3.5. Physical-Chemical Characterization

Analysis of the main components of initial and residual flour indicated that slight changes occurred in its chemical composition after CBP (Figure 5). Starch content showed a slight increase of 2 percentage points; the similarity of starch contents in the initial and the residual flour may be due to the fact that, being in stationary conditions, the enzymes were only active in the aqueous and semi-solid interface of the mixture. The protein content increased from 12.24% to 16%, which can be attributed to the fact that parts of the mycelium, with high protein content, were deposited in the flour (Figure 3c) as well as to the presence of remnants of the enzymes released by the fungus. The content decrease of the third component of RF (fibers, ashes, phenols, etc.) can be attributed to the ability of the fungus to use the phenols present in RF through the action of the laccase enzyme. Part of the insoluble fiber could also be hydrolyzed by T. hirsuta, as it is able to produce cellulases, in agreement with previous studies reported by Castoldi et al. [46].
These slight changes in RF composition were confirmed by elemental analysis (Table 3), where a slight increase in nitrogen content was observed in the residual RF, in accordance with the increase in protein.
TGA analysis of initial and residual RF revealed that structural changes occurred during CBP (Figure 6). In order to carry out the analysis, three stages were selected. Stage I comprised temperatures from 20 to 140 °C, at which the main events are water evaporation and volatilization of light biomass compounds. In Stage II (140 to 340 °C), decomposition of carbohydrates occurs [60]. In this stage, the presence of a double shoulder in the DTG curves of the residual RF indicates a partial enzymatic breakdown of the long amylose/amylopectin chains during the CBP. At Stage III (340 to 700 °C), substances with high molecular weight, like polysaccharides, proteins, lipids, are degraded. In this stage, the effect of the enzymes produced by the fungus that degrade the polysaccharides of the fibroprotein matrix is observed, the shoulder disappearing between 400 and 500 °C in DTG curve coinciding with that observed in scanning electron microscopy in the fragmentation of this matrix.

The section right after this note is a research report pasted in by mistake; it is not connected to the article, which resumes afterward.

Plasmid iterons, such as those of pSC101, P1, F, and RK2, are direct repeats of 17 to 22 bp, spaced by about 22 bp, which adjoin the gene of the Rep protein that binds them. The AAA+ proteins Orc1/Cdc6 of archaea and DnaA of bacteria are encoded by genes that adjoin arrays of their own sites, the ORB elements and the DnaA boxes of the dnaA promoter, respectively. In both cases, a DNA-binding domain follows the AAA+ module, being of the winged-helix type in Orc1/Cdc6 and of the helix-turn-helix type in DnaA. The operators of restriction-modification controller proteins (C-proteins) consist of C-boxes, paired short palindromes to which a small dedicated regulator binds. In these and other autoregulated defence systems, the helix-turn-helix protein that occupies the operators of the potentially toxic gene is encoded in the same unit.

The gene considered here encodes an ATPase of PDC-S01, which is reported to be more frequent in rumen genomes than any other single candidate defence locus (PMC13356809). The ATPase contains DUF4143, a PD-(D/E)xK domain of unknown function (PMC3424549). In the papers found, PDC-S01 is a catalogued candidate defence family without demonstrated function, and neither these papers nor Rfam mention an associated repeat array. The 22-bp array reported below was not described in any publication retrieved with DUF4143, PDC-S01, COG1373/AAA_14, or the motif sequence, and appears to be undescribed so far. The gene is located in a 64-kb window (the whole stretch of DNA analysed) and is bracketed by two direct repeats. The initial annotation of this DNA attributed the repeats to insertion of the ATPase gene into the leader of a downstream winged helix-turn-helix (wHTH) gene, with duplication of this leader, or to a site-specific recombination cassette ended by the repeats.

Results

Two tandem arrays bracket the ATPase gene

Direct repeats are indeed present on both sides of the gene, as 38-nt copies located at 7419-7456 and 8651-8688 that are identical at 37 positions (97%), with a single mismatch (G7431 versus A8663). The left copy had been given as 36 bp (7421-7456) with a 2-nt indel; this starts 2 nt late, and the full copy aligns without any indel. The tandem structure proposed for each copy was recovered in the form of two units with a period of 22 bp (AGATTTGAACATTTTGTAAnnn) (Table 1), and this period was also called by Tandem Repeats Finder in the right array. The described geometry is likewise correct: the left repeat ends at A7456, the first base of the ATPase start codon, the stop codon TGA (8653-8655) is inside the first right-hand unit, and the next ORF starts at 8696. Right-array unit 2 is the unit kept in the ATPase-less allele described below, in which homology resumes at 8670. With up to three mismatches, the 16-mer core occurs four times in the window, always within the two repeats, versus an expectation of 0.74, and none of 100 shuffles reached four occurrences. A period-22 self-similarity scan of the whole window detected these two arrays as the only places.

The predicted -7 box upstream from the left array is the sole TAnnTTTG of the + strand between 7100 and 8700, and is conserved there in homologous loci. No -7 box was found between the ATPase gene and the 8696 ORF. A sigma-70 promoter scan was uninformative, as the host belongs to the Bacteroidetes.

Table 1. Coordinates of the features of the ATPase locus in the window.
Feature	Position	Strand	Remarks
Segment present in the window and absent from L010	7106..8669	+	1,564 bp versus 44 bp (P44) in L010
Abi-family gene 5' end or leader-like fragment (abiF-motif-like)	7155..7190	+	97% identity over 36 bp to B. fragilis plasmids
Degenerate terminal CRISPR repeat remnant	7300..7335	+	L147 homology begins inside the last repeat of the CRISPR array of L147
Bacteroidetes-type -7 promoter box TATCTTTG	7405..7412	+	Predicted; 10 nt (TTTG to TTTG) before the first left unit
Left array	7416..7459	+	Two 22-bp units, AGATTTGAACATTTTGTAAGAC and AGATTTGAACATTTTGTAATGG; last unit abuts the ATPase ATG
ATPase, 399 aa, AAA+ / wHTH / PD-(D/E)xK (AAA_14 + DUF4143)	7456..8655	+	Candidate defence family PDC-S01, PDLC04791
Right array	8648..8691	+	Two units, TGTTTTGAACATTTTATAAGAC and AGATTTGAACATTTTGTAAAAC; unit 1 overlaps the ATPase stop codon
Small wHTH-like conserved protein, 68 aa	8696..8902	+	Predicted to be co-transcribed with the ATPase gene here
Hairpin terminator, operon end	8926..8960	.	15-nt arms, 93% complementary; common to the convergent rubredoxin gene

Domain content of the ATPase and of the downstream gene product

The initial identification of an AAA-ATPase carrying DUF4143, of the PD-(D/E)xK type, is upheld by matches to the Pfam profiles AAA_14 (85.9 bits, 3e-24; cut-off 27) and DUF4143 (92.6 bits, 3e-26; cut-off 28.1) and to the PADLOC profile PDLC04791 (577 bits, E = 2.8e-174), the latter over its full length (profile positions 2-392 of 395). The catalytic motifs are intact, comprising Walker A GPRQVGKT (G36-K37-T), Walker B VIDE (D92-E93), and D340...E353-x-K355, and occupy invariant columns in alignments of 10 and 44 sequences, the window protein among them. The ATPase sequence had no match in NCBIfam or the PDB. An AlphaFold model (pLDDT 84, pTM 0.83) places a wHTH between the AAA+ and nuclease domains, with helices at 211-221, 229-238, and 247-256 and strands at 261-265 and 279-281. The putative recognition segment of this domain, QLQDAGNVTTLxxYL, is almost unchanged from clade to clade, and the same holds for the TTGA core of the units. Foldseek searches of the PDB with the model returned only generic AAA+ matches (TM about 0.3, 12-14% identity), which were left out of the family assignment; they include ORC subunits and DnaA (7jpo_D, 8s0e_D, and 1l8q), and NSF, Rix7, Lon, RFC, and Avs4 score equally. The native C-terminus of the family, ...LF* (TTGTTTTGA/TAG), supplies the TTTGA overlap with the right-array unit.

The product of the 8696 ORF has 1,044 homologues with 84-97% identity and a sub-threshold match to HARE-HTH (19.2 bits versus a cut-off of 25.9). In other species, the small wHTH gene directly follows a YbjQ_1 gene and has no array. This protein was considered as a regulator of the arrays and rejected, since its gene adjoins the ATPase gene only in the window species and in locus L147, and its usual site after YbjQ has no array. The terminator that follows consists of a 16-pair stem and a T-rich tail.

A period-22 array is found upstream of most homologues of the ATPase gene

FTIR spectra of RF before and after CBP are shown in Figure 7. These spectra had a similar pattern of absorption bands. The bands between 3700 and 3000 cm−1 can be attributed to a combination of N–H stretching vibrations from the protein and the H–O–H stretching vibrations of condensed-phase water molecules [61,62]. Specifically, the peak at 3650 cm−1 is associated with the N–H stretching from protein, and an increase in the intensity of this band in the residual RF can be observed. This result agrees with those of the elemental analysis mentioned above.
Both spectra showed a broad peak in the OH stretching region at 3350 cm−1. This band is associated with the hydroxyl groups of insoluble fiber present in the RF. In the residual RF spectra, a decrease in the intensity of this band indicates the degradation of compounds that possess –OH moieties (mainly starch, phenols, and cellulose).